Derrick Parker is the kind of student that teachers always seem to remember—gifted, ambitious, and relentless in his pursuit of excellence. His parents would expect nothing less. They’ve had high hopes for him.
Parker, of Kansas City, Mo., would be the first in his family of six to attend college. It was his parents’ dream. It was why they labored day after day until their hands and feet ached. His father, Derrick Parker Sr., cut heads in a barber’s chair. His mom, Nicole Courtney, toiled as a machine operator. It was a good, honest living, but not want they wanted for their oldest son.
And Parker was a high achiever who did not want to disappoint. So, he made a promise to himself that he kept: to work hard enough to earn straight A’s and a scholarship to cover his tuition. On Sunday, the Gates Millennium Scholar will graduate from Morehouse College with a perfect 4.0 as the Class Valedictorian.
“My parents have been such a great support system to me over the years, but I knew that they couldn’t afford to send me to college,” said the political science major. “My goal was to go to college and not have my parents pay a dime, and I did it. I worked day in and day out to not only graduate from college, but to graduate at the top of my class.”
Parker spent his junior and senior years in high school filling out more than 50 scholarship applications to finance his college education. He wanted to attend a school that would help him to lay a firm foundation for his life. His prowess as a scholar had earned him a national, academic “varsity” letter—the prestigious Gates Millennium Scholarship. His mother cried when he ripped open the letter and shared the news about the scholarship funded by a billionaire philanthropist who would cover his full tuition.
Parker applied to state schools at first, and then cast a wider net after receiving a visit from a Morehouse College recruiter.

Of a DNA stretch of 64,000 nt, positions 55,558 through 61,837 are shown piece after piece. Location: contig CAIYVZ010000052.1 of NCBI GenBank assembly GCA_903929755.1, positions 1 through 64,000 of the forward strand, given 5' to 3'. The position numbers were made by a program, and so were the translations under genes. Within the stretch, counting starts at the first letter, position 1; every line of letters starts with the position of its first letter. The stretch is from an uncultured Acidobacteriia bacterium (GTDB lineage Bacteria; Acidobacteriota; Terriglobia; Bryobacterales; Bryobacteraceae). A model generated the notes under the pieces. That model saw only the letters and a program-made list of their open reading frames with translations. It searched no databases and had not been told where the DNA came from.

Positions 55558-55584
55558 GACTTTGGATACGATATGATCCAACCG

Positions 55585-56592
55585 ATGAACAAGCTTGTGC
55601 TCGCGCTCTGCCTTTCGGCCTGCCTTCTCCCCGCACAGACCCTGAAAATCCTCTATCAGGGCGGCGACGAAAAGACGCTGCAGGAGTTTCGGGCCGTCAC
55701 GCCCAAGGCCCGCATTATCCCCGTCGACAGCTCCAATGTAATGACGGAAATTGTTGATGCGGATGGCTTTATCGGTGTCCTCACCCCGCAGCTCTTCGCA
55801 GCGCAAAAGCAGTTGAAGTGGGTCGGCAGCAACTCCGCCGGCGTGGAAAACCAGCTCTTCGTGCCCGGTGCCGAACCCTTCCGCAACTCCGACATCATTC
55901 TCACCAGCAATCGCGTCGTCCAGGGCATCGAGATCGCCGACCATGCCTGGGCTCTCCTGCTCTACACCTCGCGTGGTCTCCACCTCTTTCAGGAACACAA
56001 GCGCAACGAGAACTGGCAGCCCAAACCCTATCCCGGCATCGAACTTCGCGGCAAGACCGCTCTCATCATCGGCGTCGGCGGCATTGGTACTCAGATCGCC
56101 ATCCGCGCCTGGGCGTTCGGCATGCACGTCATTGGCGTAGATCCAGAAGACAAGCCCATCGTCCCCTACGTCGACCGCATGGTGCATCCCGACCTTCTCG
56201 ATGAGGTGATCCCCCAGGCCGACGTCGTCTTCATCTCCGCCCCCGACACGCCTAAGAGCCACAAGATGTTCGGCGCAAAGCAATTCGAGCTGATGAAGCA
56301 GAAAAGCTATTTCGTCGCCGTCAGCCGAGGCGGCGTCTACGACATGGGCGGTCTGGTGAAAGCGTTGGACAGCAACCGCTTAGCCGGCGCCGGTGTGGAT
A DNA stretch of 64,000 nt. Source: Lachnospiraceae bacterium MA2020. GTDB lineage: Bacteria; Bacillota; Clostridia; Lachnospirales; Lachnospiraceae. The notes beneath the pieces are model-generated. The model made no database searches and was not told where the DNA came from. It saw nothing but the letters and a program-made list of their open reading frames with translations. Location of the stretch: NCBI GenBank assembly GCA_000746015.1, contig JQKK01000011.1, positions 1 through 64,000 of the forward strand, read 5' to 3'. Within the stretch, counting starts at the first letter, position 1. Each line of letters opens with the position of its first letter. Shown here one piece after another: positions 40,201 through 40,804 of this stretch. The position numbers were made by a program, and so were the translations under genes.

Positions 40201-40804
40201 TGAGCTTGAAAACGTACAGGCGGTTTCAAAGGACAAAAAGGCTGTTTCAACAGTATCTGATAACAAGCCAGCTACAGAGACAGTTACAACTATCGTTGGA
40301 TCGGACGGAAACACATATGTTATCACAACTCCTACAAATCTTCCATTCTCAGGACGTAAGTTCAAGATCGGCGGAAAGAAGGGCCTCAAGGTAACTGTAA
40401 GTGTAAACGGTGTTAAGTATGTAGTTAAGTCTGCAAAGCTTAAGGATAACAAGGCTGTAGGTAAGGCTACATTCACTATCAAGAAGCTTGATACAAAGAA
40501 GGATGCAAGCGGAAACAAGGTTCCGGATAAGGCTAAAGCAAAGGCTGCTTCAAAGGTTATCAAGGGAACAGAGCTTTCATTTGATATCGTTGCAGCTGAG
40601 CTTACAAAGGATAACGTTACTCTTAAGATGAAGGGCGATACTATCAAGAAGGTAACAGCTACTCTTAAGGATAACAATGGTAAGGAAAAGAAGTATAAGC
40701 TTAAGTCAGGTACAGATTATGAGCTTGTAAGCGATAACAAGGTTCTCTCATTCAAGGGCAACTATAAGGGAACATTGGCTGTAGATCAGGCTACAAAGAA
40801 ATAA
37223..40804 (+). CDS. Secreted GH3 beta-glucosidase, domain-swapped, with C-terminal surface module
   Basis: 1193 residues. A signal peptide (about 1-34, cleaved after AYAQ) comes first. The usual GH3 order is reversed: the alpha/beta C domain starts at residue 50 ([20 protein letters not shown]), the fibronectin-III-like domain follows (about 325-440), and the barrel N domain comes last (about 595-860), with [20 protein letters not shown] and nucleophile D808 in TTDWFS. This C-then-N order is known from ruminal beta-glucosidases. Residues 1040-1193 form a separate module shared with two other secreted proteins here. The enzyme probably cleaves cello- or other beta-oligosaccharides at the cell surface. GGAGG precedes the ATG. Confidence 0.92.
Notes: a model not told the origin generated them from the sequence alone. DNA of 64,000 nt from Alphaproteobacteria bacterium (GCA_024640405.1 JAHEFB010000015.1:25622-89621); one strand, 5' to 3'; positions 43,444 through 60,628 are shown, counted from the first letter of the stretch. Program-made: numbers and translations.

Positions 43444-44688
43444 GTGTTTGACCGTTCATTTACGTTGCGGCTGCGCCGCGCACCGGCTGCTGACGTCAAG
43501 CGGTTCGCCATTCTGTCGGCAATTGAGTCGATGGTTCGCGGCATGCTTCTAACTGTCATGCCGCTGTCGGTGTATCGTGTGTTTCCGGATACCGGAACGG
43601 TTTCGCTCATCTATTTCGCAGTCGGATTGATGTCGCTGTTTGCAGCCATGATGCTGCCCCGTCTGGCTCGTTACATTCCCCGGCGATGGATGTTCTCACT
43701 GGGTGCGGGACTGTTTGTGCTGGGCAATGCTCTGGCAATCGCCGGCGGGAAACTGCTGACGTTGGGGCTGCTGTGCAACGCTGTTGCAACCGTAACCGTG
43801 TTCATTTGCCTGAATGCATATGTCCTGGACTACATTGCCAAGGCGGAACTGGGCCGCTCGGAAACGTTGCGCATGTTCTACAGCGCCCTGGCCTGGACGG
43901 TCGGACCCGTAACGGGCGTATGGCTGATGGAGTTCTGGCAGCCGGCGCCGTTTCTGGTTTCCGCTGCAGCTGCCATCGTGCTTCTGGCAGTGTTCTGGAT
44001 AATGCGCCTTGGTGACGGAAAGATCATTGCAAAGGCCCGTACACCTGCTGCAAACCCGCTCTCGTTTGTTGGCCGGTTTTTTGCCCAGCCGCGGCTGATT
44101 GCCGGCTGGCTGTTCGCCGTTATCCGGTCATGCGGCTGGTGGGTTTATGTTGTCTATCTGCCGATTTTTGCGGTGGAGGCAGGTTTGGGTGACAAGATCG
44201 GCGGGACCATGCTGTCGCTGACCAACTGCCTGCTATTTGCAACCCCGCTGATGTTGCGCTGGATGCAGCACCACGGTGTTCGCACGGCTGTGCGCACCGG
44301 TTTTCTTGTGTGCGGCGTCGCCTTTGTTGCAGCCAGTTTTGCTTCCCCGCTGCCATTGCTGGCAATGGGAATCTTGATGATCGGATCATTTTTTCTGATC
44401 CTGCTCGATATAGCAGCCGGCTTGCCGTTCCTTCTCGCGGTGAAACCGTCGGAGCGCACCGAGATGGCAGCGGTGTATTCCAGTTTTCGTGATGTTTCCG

“I knew nobody who went to Morehouse,” Parker said. “My dream school was Mizzou.”
But when he left math class early one day to speak to a Morehouse administrator about opportunities at HBCUs, he became intrigued about the idea of a college for men that groomed global leaders. “I did my own research on Morehouse and learned about its rich history and alumni, and its mission of producing outstanding African American men.”
Months later, Parker visited Morehouse to meet professors and scholars, and stand in front of Martin Luther King Jr. International Chapel. It was then that he knew he wanted to become a Morehouse Man. He chose to study political science on the campus that had produced several U.S. Congressmen, a U.S. Secretary of Homeland Security, and the first black mayor of Atlanta.
“I always had this fascination with how the world works and the system of laws,” he said. “Laws have changed the face of this nation, and lawyers have been on the frontlines of that change helping to lead the charge.”
As an incoming freshman, he had a prestigious resume. In addition to the Gates, he was a Coca-Cola Scholar, a GE-Reagan Foundation Scholar, and an Anne Frank Scholar. To keep himself on track academically, he set the bar high and surrounded himself by like-minded friends. This time, he wanted to be a valedictorian. It gave him a reason to say “no” to distractions that would take him off course.